Meditation for People who can’t
I’ve been wanting to write a meditation guide for people who think they can’t meditate. Finally, I decided to do a series of installments. Maybe one day I’ll put them all together in a book.
My first blog was on meditation. I’m a firm believer in its benefits. Needless to say I’ve suggested a meditation practice to friends and colleagues over the years. I’m not a new age guru. I don’t go on and on while munching nuts and seeds. I’m not giving people mala beads as gifts. But I have suggested it as a good habit and for its many benefits.
I credit meditation with boosting my creativity, finding solutions (both in my writing and real life), not taking things to to heart, not dwelling on certain events–and God knows I’m a dweller. There are many other benefits to meditation that are more physical: reduced stress levels, blood pressure.
My suggestion has been met with answers that varied from Yes, maybe I should, to I’ve tried but it didn’t work, to I can’t even sit still, to, from a coworker suffering from anxiety and insomnia: Are you crazy? It’s only gonna make it worse!
Why it’s not hard, but is
I encountered some difficulties when I started meditating, and I think it’s those same difficulties that make people think they can’t meditate. First of all, there’s no clear instructions out there. When I started meditating I couldn’t find anything that told me exactly what to do, what was supposed to happen or what I was striving for. I just wanted some clear instructions.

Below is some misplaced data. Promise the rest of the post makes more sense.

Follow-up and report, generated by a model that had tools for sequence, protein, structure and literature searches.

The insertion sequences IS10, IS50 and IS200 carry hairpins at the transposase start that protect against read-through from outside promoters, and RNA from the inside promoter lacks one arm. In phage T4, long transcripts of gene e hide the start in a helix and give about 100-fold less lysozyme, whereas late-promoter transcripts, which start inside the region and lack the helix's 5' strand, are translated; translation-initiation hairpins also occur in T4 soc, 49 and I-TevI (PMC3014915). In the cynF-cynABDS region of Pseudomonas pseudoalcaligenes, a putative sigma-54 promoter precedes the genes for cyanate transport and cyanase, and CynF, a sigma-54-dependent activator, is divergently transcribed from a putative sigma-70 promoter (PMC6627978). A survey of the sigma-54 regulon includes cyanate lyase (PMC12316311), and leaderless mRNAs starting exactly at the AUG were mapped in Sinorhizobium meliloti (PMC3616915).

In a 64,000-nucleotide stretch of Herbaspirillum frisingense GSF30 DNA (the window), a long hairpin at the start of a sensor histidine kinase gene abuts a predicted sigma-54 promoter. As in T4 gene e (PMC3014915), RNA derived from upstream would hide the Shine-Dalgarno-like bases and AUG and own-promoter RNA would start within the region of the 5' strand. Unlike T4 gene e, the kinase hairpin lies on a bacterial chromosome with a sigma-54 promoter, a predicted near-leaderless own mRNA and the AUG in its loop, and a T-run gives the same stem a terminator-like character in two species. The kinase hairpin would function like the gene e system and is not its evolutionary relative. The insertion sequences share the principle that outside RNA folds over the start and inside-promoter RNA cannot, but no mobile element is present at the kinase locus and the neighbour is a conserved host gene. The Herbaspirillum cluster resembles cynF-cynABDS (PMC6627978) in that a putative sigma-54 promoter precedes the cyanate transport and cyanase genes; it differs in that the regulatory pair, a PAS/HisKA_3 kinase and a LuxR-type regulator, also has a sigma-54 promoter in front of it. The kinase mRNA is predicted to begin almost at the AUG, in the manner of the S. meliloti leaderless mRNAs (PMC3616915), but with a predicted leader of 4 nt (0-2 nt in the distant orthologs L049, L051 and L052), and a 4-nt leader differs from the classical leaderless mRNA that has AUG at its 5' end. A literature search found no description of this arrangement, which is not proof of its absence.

Secondly, it quickly gets complicated. There are many different styles of meditation and it seems you have to choose one, meaning you have to figure out which one is better than the other and which is suited to you. But in truth all meditation techniques aim for the same goal: to find that inner silence. It doesn’t matter what technique you use or even if you follow any school. I suggest you don’t. You will evolve to a style, or maybe not. And it doesn’t matter.
And finally, like so many other activities, we seem to have this idea of needing to have constant progress. We set goals and pressure ourselves when meditation is the opposite of all that. We want to get to the ‘next level’. Meditation isn’t competitive. It’s your own private thing and you make it what you want to make it. To sum it up, I think the frustration comes from the fact that when we start to meditate we’re just trying too hard.
You have to stop thinking
Really? How is that possible, except when you’re asleep or unconscious? It’s OK to think about stuff the first times you try to sit in silence. It’s OK to have 1 million thoughts going through your mind, because your mind is going to be so incredibly happy to have you all to itself.
If I can give you one lesson when you first start meditating, don’t go all crazy and expect to levitate off the floor or go to some Nirvanaesque place or to see the white star in the blue circle or maybe it’s the blue star in the white circle. I don’t know, it’s never happened to me. This is probably the biggest reason people think they can’t meditate. Because they aren’t meeting the mark, or progressing. Let me be clear: there’s not such thing in meditation. You’ll progress at your own pace, sometimes noticeably, sometimes barely. All that matters is practicing sitting in silence.